Vegan Athletes: Giacomo Marchese – Living Cruelty-Free Means Acting with Compassion Towards All Life

Tell us a little about yourself. Where you live, what you do for a living.

I am a competitive drug-free bodybuilding, powerlifter, and coach. I am to help others unlock their truest potential for their physique and strength based goals. In my spare time, I enjoy keeping the vegan community up to date with the latest in evidence-based training and nutrition principles. Stay in touch with us and keep up to date with our latest free content geared towards vegan athletes, over at VeganProteins and also on Instagram: @musclesbybrussels

What lead you to veganism? How long ago?

About 15 years ago a friend of mine had a heart attack. I wanted to help them and stumbled unto plant-based nutrition. I lead by example and adopted the diet as a mean to improve my health as well as to perform better in the gym. In hopes to inspire others to take control of their health too. Shortly thereafter I came full circle and embraced veganism as a lifestyle, by living compassionately and doing my best to respect all life.

When you first went vegan how did you phase out your non-vegan food, clothing and other items?

It happened slowly for me actually. Back in 2002 when I started to transition, there were not nearly as many options as there is today. I also did it initially for health reasons. Soon as I realized that veganism was a way to not engage in the unnecessary suffering of animals and that they are not ours to use for food, I never looked back. I took me about 2-3 years in total to fully transition.

Do you make any exceptions for yourself or if you are married with kids – your family, when it comes to veganism? For example, how strict are you with your children’s veganism at school or at family gatherings?

Unless you live under a rock and completely off the grid, there are some compromises that one needs to consider when making the most ethical choices in life possible. For example, there are glues that furniture, tires, and other products that we use, that are not vegan. Or take medication as another example. Up until recently, all meds needed to be tested on animals to meet regulatory standards to be brought to market. I’m not going to avoid taking aspirin or ibuprofen when it’s necessary just because they were initially tested on animals. These are just some of the many examples. To me veganism means, doing as little harm as you can and making the most ethical choices that are possible in modern day society.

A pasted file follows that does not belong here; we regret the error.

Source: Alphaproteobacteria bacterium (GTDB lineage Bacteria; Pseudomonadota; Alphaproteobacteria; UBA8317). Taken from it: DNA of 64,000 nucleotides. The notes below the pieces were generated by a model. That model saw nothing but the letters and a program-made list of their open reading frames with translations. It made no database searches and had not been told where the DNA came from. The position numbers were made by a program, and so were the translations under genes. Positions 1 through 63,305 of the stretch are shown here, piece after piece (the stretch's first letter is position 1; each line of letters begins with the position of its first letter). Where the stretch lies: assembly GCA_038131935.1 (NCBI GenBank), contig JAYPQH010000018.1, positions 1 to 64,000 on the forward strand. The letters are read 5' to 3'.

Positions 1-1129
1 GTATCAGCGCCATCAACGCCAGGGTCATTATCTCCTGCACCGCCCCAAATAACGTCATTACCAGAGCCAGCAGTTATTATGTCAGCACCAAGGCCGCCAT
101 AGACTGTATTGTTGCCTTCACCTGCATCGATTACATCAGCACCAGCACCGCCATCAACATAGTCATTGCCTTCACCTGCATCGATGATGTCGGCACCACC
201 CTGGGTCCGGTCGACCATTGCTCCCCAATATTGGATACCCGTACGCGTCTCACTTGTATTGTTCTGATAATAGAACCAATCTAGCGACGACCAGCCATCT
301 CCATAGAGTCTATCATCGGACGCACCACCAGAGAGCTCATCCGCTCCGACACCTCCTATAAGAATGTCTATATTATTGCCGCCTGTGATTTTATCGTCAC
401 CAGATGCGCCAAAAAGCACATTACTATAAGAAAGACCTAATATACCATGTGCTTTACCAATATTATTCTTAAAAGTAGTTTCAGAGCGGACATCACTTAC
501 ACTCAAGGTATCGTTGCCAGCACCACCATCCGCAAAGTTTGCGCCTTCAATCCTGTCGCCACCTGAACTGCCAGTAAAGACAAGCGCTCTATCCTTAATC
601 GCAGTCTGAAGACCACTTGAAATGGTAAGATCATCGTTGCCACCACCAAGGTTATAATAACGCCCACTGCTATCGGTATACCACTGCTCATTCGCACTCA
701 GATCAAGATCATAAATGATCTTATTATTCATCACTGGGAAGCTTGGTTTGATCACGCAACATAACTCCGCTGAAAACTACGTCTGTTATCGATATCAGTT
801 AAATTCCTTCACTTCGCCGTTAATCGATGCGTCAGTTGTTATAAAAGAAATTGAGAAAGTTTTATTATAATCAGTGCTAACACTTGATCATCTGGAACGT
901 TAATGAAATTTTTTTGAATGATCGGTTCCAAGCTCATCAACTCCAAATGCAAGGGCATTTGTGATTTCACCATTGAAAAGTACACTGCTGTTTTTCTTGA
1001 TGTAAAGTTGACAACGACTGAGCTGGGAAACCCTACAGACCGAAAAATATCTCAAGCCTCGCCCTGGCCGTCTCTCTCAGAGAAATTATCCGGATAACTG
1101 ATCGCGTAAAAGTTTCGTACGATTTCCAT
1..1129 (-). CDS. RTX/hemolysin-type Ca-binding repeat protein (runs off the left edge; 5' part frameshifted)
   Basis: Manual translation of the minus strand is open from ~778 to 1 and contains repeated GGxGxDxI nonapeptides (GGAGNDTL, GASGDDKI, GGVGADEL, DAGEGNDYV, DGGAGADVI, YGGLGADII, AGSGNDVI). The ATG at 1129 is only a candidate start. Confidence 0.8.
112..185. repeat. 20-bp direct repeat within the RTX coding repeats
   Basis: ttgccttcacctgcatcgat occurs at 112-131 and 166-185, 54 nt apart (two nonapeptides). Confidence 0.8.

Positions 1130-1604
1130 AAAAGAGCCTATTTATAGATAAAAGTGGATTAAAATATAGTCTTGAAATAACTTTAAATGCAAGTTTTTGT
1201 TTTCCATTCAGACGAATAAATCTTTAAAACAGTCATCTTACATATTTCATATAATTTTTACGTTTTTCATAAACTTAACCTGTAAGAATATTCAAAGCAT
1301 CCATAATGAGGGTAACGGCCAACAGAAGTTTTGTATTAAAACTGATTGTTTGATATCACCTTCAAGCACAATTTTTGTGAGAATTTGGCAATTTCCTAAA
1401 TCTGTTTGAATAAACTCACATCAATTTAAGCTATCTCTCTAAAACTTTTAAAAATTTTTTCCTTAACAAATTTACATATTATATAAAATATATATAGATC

Do you believe we should show children the process of how animals are turned into meats?

I think it’s very important to explain to them what happens to animals so that they can form their own opinions on what they do and don’t consider food. As opposed to what we tell them they should eat.

What does being vegan mean to you? For example, does it extend to not killing bugs and bees? Does it include not patronizing vegan companies owned by non-vegan parent companies? Does it affect the way you treat other humans?

There are corporate conglomerates everywhere we look. I do think it’s perhaps a bit too utopiast for someone to not be supportive of nonvegan brands who produce vegan products. It’s sort of a gray area. In one respect, we want vegan goods mass produced because that is the only way we are going to produce change on a global level. On the other hand, we do need to keep these companies accountable and demand certain industry standards out of them. Both in the direct production of these products and for their business practices in general with other non-vegan products they produce. But step one, is supporting their interest in catering to veganism.

Is it every vegan’s duty to become an activist?

No. This being said I think that pretty much every vegan is an activist in one way or another. Leading and living by example gives us an opportunity to inspire others to make the more compassionate choice without even realizing it.

How compassionate or empathetic are you towards non-vegans?

Veganism means being compassionate to all walks of life, including humans.

Any recommended Vegan books?

Miyoko’s Pantry for making your own vegan meats and cheeses, any cookbook by Isa Chandra Moskowitz for meal inspirations, and Flexible Dieting For Vegans by Dani Taylor for vegan nutrition

Any recommended social sites, blogs or pages?